Books in Brief: The Lichtenberg Figures by Ben Lerner

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The stars will be adjusted for inflation so that the dead can continue living in the manner to which they’ve grown accustomed.

– p. 18

Perhaps what remains of innovation is a conservatism at peace with contradiction.

as the sky transgresses its frame but obeys the museum.

– p. 22

Ben Lerner’s The Lichtenberg Figures is a bit of a tough book of poetry. It’s a sonnet sequence ostensibly about growing up in the midwest, but it’s frustrated, as many of us were in the early 2000s, with the way the world seemed to work. Reading it now made me almost nostalgic for a kind of frustration that now seems so okay, so naïve, so less harmful to the fundaments of society, rather than to the bodies of people across the world. It’s not funny in the way Patricia Lockwood can be, nor is it particularly melancholy. It’s more abstract than that, more systematic. I enjoyed it, and I’ll need to come back to it and his newer book The Hatred of Poetry.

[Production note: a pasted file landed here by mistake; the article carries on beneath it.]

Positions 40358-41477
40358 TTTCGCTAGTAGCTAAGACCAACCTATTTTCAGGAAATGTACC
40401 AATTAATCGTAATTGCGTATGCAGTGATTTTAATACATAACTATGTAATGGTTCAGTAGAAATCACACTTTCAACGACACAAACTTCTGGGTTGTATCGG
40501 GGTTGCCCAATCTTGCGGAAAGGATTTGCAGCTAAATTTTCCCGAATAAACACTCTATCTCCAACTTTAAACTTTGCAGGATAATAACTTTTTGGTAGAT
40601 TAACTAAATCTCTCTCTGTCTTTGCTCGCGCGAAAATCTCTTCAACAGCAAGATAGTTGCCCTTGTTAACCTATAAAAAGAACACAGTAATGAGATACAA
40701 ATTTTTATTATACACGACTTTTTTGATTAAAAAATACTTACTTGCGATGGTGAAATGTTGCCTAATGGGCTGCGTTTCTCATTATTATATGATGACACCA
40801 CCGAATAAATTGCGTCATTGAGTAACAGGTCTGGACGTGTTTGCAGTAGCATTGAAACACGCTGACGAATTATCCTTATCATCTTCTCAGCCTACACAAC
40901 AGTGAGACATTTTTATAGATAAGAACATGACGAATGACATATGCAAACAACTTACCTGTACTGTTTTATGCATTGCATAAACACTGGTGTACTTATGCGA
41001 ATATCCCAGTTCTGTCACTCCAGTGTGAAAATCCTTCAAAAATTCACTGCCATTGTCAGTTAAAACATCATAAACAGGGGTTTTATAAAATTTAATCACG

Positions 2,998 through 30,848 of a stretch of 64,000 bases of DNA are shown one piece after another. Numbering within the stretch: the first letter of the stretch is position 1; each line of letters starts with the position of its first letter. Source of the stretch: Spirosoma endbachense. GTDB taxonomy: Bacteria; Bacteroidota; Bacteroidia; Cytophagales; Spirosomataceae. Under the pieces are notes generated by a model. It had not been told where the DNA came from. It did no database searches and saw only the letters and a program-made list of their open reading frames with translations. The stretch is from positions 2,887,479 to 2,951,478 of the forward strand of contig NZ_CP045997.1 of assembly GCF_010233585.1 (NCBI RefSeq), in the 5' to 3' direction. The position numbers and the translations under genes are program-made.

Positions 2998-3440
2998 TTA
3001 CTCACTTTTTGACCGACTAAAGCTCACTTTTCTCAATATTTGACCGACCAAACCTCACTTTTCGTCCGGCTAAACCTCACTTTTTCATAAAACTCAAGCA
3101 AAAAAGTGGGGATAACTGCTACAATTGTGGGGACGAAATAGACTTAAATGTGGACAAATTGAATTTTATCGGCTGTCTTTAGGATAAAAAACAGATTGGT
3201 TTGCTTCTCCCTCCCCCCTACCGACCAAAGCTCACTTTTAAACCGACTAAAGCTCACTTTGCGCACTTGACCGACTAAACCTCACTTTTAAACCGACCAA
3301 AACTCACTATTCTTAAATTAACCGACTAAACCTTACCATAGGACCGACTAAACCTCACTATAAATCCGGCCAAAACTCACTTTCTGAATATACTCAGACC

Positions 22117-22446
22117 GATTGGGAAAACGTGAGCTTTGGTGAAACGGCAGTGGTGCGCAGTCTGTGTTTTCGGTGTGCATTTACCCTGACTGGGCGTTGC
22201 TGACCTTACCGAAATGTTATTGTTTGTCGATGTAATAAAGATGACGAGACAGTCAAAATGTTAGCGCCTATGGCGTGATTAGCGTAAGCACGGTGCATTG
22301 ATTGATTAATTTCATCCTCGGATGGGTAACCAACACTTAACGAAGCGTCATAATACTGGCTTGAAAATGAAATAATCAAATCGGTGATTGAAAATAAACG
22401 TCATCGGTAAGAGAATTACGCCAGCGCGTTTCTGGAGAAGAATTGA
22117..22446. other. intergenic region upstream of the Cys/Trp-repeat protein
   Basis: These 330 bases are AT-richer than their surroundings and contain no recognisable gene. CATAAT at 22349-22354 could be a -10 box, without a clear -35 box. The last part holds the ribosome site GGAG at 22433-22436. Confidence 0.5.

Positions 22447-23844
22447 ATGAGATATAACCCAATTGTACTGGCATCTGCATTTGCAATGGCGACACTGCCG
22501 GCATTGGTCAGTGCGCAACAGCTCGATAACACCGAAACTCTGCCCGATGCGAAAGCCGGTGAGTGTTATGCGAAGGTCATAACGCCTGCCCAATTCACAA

Books in Brief: The Lichtenberg Figures by Ben Lerner - November 21, 2017 - Jordan T. Thevenow-Harrison